Ensure that config is correct

DipDup config can be correct syntactically but not necessarily semantically. It's especially easy to make a mistake when actively using templates and environment variables. Use config export command to dump config the way DipDup "sees" it, after resolving all links and templates. config env command can help you to find missing environment variables.

dipdup -c dipdup.yml -c dipdup.prod.yml config export
dipdup -c dipdup.yml -c dipdup.prod.yml config env

πŸ’‘ SEE ALSO

Enable debug logging and crash reporting

More logs can give you a clue about the reason for an issue. Enable them in config:

logging: verbose

When an exception occurs DipDup saves crash dumps to /tmp/dipdup/crashdumps/XXXXXXX.json. You can send those dumps to Baking Bad automatically:

advanced:
  crash_reporting: True

Use linters to find errors in your Python code

Exceptions that occurred during callback execution are reraised as CallbackErrors. If you experience this issue, most likely your code is incorrect. Luckily, the Python ecosystem has lots of tools called linters to help you find mistakes. In DipDup we mostly use a combo of flake8 and mypy. You can start using both with zero configuration:

poetry add --with dev flake8 mypy
poetry run flake8
poetry run mypy

You can find a more complex example in DipDup's pyproject.toml or use the cookiecutter template to create a new project with all recommended bells and whistles (see 1. Quickstart β†’ from-template).

Explore contract calls in Better Call Dev

Better Call Dev is a blockchain explorer for Tezos smart contracts. It provides a more human-friendly interface than TzKT to explore exact contract calls and parameter/storage structures.

BCD

Try it out when writing index definitions.

Packaging issues

Poetry package manager we recommend using with DipDup is not the most stable software in the world. If you experience issues with it like SolverProblemError, try the following:

  • Remove .venv and poetry.lock from the project root
  • Remove ~/.cache/pypoetry and ~/.cache/pip/ directories
  • Run poetry install and hope for the best.

Got stuck? Ask for help

We are always ready to answer your questions!

If you think you've found a bug, please report it directly to the GitHub Issues. For all other discussions, join our socials:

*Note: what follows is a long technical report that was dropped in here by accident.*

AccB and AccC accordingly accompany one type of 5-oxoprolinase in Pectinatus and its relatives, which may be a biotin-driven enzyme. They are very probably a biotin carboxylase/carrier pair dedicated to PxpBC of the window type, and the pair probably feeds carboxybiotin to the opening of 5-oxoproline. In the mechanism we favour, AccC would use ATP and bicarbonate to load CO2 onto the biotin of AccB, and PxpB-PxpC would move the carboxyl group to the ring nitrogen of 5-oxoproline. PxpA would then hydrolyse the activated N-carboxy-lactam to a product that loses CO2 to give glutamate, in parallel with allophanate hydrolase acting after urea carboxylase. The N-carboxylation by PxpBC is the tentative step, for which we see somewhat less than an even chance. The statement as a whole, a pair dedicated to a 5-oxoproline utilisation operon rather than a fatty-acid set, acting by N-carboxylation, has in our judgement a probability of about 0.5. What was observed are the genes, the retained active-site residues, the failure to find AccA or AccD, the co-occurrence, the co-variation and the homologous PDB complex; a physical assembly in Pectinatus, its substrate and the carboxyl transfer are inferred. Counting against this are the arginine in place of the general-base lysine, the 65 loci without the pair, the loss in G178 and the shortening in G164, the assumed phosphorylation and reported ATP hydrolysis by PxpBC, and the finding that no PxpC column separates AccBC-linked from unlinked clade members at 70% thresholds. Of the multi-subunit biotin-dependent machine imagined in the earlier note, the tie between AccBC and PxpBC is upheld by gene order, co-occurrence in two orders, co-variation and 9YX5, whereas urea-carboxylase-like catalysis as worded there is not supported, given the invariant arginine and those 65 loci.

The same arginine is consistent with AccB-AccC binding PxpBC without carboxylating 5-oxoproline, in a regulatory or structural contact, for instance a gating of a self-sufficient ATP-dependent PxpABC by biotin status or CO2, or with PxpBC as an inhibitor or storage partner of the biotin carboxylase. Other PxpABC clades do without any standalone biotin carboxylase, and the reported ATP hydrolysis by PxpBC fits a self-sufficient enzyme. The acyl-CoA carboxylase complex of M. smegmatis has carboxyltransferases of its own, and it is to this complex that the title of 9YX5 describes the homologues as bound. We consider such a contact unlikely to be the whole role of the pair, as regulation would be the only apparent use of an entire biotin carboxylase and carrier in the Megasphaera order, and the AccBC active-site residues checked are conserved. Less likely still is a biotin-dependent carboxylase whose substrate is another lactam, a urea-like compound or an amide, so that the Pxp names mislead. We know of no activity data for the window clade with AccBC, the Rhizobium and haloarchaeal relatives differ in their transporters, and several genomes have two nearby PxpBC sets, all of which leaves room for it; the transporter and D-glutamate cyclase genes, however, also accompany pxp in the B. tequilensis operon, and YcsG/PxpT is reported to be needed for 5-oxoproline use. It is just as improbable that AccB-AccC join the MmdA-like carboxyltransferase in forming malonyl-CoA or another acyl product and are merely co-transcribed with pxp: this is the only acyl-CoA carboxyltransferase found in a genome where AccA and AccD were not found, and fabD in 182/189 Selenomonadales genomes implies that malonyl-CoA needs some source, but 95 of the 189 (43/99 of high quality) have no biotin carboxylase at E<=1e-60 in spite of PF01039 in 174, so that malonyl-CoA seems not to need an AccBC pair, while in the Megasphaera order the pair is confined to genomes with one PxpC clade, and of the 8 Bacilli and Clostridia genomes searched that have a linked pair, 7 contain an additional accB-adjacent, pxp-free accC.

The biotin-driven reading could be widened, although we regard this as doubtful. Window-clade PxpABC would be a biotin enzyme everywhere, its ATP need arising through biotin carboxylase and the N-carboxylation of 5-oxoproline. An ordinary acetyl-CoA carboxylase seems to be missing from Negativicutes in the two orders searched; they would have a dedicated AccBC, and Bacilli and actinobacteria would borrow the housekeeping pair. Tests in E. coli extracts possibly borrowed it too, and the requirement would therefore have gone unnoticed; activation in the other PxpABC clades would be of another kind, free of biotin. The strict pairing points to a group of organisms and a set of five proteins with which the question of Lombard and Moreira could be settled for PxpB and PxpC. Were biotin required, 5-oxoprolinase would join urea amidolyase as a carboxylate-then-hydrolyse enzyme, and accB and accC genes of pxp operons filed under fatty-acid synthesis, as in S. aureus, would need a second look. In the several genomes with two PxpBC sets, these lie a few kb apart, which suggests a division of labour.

Demo projects

The DipDup repository contains several minimal examples of how to use various features for real-case scenarios. Please, do not use these examples in production unmodified. We have not put a production-grade amount of effort into developing them, so they may contain flaws in indexing logic.

Some projects that started as a demo now evolved into full-fledged applications running in production. Check out 10. Built with DipDup page.

TzBTC token

source: demo_tzbtc

The most basic indexer used in Quickstart. A single operation index to track balances of TzBTC token holders, nothing else.

hic et nunc

source: demo_hic_et_nunc

Indexes trades and swaps of "hic et nunc", one of the most popular NFT marketplaces on Tezos.

Quipuswap

source: demo_quipuswap

Covers all available operations of Quipuswap DEX contracts: trades, transfers, moving liquidity. A more complex example with index templates.

Homebase RegistryDAO

source: demo_registrydao

Homebase enables users to create DAO contracts. In this example indexes are spawned in runtime (4.11. Index factories) for all contracts having the same script.

Tezos Domains (operation)

source: demo_domains

Tezos Domains is a distributed naming system. You probably have seen those fancy user.tez names while browsing explorers. This is a pretty basic example of how to index them.

Tezos Domains (big_map)

source: demo_domains_big_map

The same as above, but uses big_map index instead of operation one. The storage structure of this contract is pretty straightforward; we only need to track a single big map. This example contains skip_history: once directive to index only the current state of the contract before switching to realtime processing. It allows to speed up indexing even more.

TzColors

source: demo_tzcolors

A very basic indexer of TzColors NFT token and marketplace. Unlike hic et nunc this marketplace provides auction functionality. Other than that, it is pretty much the same.

Built with DipDup

This page is a brief overview of projects which use DipDup as an indexing solution.

Want to see your project on this page? Create an issue on GitHub!

Rarible / Tezos marketplace indexer

Homepage | Github

Rarible is a multichain community-centric NFT marketplace, that also allows to trade on aggregated listings from other NFT platforms. Rarible uses DipDup-based solution to aggregate sells and auctions from major Tezos marketplaces.

Ubisoft / Quartz tokens metadata

Homepage | API | Github

Ubisoft Quartz is a new platform for players to get Digits, the first NFTs playable in AAA games. Under the hood Quartz uses Aleph as persistent token metadata storage and a non-standard token metadata signalling schema. In order to enable wallets and other TzKT API consumers with Quartz NFTs data we created a custom indexing plugin.

Youves

Homepage | Github

Youves is a decentralized, non-custodial and self-governed platform for the creation and management of synthetic assets. Youves uses DipDup-based solution to track vaults, DEX trades, and oracle price quotes.

Kord.fi

Homepage

Kord.Fi is a DeFi protocol for Tezos that allows liquidity providers to tap into additional leverage provided by Tezos Blockchain asset owners.

StakeNow

Homepage